in Nature Clinical Practice Endocrinology and Metabolism (2008), 4(5), 260-1Detailed reference viewed: 14 (6 ULg)
Do transnational practices damage the integration of migrants and their offspring ?
Scientific conference (2011, February 23)Detailed reference viewed: 8 (2 ULg)
Do tree species influence community structure and richness of Ammonia Oxidizing Bacteria at three temperate forest sites?
Malchair, Sandrine ; Carnol, Monique
Poster (2014, July 15)
Introduction: The relationship between biodiversity and ecosystem function remains a controversial subject with numerous open questions. In Europe, the conversion of coniferous monocultures into ... [more ▼]
Introduction: The relationship between biodiversity and ecosystem function remains a controversial subject with numerous open questions. In Europe, the conversion of coniferous monocultures into broadleaved or mixed stand is considered to face ecological and economical risks posed by coniferous monocultures. Belowground effects of such a change in the dominant tree species is however largely unknown, although bacteria regulate many soil processes and some groups, like ammonia oxidizing bacteria (AOB) are highly sensitive to environmental stress. Objectives: The aims of this study were to investigate (i) AOB community structure and richness under several tree species, (ii) microbial/environmental factors related to AOB diversity, (iii) the relationship between AOB diversity and the nitrification process. Materials and methods: Forest floor (Of, Oh) was sampled under European beech, sessile oak, Norway spruce and Douglas fir at three sites. AOB community structure and richness was assessed by PCR-DGGE and sequencing. Samples were analysed for net N mineralization, potential nitrification, basal respiration, microbial biomass, microbial or metabolic quotient, pH, total nitrogen, extractable ammonium, organic matter content and exchangeable cations. Results: AOB community structure and tree species effects on AOB diversity were site-specific. Factors regulating ammonium availability, i.e. net N mineralization or microbial biomass, were related to AOB community structure. AOB richness was not related to nitrification. Conclusions: Our research revealed that, at larger spatial scales, site specific characteristics may be more important that tree species in determining AOB richness and community structure. Within sites, tree species influence AOB diversity. The absence of a relation between AOB richness and nitrification points to a possibly role of AOB abundance, phenotypic plasticity or the implication of ammonia oxidizing archaea in this process. [less ▲]Detailed reference viewed: 40 (4 ULg)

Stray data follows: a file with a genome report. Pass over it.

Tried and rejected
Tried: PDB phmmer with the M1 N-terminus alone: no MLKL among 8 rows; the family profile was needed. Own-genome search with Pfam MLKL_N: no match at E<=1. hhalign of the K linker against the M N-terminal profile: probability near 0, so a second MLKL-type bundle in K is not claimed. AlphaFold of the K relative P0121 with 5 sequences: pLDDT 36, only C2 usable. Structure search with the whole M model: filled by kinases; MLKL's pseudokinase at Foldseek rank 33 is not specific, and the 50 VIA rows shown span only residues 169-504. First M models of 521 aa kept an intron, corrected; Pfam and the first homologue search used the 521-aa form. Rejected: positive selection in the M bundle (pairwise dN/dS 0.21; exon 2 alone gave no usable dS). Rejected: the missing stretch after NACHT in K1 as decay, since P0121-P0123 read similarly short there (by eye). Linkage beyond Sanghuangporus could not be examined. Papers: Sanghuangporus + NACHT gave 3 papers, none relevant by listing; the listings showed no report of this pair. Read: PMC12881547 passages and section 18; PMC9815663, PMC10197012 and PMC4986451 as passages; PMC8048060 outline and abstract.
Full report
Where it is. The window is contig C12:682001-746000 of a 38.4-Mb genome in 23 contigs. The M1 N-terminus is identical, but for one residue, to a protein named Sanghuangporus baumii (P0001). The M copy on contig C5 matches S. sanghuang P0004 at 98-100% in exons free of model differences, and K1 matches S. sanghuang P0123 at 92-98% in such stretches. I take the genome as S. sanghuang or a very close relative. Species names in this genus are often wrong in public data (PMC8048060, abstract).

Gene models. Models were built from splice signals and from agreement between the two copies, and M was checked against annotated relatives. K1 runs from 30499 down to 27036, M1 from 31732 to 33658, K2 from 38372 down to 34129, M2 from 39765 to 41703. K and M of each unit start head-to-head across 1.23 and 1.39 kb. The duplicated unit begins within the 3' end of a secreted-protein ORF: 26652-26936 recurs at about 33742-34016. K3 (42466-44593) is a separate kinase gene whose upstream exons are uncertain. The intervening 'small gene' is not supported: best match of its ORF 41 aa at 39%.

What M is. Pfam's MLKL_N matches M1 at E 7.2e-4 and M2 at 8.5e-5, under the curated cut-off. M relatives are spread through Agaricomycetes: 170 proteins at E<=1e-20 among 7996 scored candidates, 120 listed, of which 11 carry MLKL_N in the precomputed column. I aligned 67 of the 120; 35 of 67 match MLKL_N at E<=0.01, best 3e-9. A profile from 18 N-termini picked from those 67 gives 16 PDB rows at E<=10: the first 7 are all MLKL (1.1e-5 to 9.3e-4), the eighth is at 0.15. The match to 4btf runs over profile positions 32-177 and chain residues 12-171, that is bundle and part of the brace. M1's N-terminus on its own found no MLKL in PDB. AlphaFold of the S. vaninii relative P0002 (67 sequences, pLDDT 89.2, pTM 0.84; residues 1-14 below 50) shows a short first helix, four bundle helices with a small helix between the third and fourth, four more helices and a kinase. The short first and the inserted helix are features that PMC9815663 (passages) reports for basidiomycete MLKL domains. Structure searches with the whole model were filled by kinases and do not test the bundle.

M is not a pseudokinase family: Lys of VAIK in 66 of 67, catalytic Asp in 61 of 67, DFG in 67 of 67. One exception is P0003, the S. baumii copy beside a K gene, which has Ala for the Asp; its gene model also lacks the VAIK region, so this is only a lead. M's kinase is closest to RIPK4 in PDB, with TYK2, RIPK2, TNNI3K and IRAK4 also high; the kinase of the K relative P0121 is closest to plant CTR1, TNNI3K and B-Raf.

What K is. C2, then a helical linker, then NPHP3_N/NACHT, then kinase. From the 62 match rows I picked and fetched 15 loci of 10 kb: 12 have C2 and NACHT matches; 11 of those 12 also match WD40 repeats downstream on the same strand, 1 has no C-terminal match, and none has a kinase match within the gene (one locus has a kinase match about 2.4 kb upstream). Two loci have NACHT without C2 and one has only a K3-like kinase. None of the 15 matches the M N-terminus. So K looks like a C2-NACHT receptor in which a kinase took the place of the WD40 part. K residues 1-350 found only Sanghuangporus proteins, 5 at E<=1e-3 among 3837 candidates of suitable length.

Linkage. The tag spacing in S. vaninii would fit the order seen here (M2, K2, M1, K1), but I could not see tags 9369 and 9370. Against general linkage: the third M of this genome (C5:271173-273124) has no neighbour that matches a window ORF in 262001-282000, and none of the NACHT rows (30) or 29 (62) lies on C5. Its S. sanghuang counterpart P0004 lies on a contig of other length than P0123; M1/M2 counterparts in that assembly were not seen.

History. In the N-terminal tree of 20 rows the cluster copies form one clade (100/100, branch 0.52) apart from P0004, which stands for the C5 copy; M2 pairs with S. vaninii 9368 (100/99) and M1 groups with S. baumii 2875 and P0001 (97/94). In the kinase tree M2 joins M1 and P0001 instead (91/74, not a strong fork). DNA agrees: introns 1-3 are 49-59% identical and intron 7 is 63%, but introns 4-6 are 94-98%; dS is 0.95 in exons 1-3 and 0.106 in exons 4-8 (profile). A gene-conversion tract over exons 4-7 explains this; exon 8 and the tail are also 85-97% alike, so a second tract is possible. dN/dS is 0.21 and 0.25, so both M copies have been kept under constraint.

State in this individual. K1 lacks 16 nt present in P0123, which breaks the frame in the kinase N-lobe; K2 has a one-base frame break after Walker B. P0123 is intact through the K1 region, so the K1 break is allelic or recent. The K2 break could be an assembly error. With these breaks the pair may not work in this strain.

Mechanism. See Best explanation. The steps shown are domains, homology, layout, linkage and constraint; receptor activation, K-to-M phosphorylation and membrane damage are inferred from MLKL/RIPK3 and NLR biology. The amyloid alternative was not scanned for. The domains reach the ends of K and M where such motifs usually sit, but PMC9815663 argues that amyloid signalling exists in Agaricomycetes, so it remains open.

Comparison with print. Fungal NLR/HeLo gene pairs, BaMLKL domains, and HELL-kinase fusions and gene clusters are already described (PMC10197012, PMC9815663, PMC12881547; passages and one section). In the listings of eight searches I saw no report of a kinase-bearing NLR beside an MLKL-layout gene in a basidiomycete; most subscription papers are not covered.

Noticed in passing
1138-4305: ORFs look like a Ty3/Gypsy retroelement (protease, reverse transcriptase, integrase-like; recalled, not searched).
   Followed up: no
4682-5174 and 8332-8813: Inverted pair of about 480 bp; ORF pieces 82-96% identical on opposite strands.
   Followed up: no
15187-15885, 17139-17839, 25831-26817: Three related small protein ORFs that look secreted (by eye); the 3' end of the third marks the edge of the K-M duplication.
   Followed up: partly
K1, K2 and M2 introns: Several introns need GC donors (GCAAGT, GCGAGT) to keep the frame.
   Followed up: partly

Do utility values and willingness to pay suitably reflect health outcome in hip and knee osteoarthritis? A comparative analysis with the WOMAC index
Ethgen, Olivier ; Tancredi, Annalisa ; Lejeune, Emmanuelle et al
in Journal of Rheumatology (2003), 30(11), 2452-2459
Objective. To establish whether health utility (time trade-off, TTO) and willingness to pay (WTP) values reflect clinical health outcome as evaluated by the Western Ontario McMaster Universities ... [more ▼]
Objective. To establish whether health utility (time trade-off, TTO) and willingness to pay (WTP) values reflect clinical health outcome as evaluated by the Western Ontario McMaster Universities Osteoarthritis Index (WOMAC) in hip and knee osteoarthritis (OA). Methods. One hundred twenty-eight patients with OA attending a specialized arthritis clinic were interviewed about their socioeconomic characteristics and administered the TTO technique and the WOMAC. Their WTP for 2 hypothetical anti-osteoarthritic drugs was also investigated: the first drug was said to provide a significant improvement in WOMAC dimensions and the second a complete cure of the disease. WTP was elicited by both discrete-choice and bidding game methods. Results. Answer rates were 89.1% for TTO, 98.4% for discrete-choice WTP for both scenarios, and 89.8% and 85.2% for bidding game WTP in the relief and the cure scenario, respectively. The mean TTO utility value was 0.84 (standard deviation 0.20). In discrete-choice, those accepting the bid had higher monthly income (euro 1536.5 vs euro 1060. 1, p < 0.001, for the relief scenario and euro 1449.3 vs euro 1071.6, p < 0.001, for the cure scenario). With the bidding game format, WTP was positively correlated with income in both scenarios (r = 0.56, r = 0.55, p < 0.001). WTP measures differed equally between education and socioeconomic groups with those in favored groups consistently reporting higher WTP (Kruskal-Wallis tests statistics ranging from p < 0.01 to p < 0.001). Except for stiffness, WOMAC dimensions were correlated in the expected direction with TTO values (r = -0.27, p < 0.01 for pain and r = -0.36, r = -0.34, p < 0.001 for physical function and total score, respectively). Conclusion. Whereas they showed good feasibility, WTP measures poorly reflected clinical condition and were mainly related to economic status and ability to pay. TTO was correlated with the WOMAC dimensions and may be considered closer to clinical situations than WTP. However, concern arises regarding the homogeneity of the study sample in terms of clinical severity, which may have precluded the identification of a relationship between WTP and clinical status. [less ▲]Detailed reference viewed: 54 (9 ULg)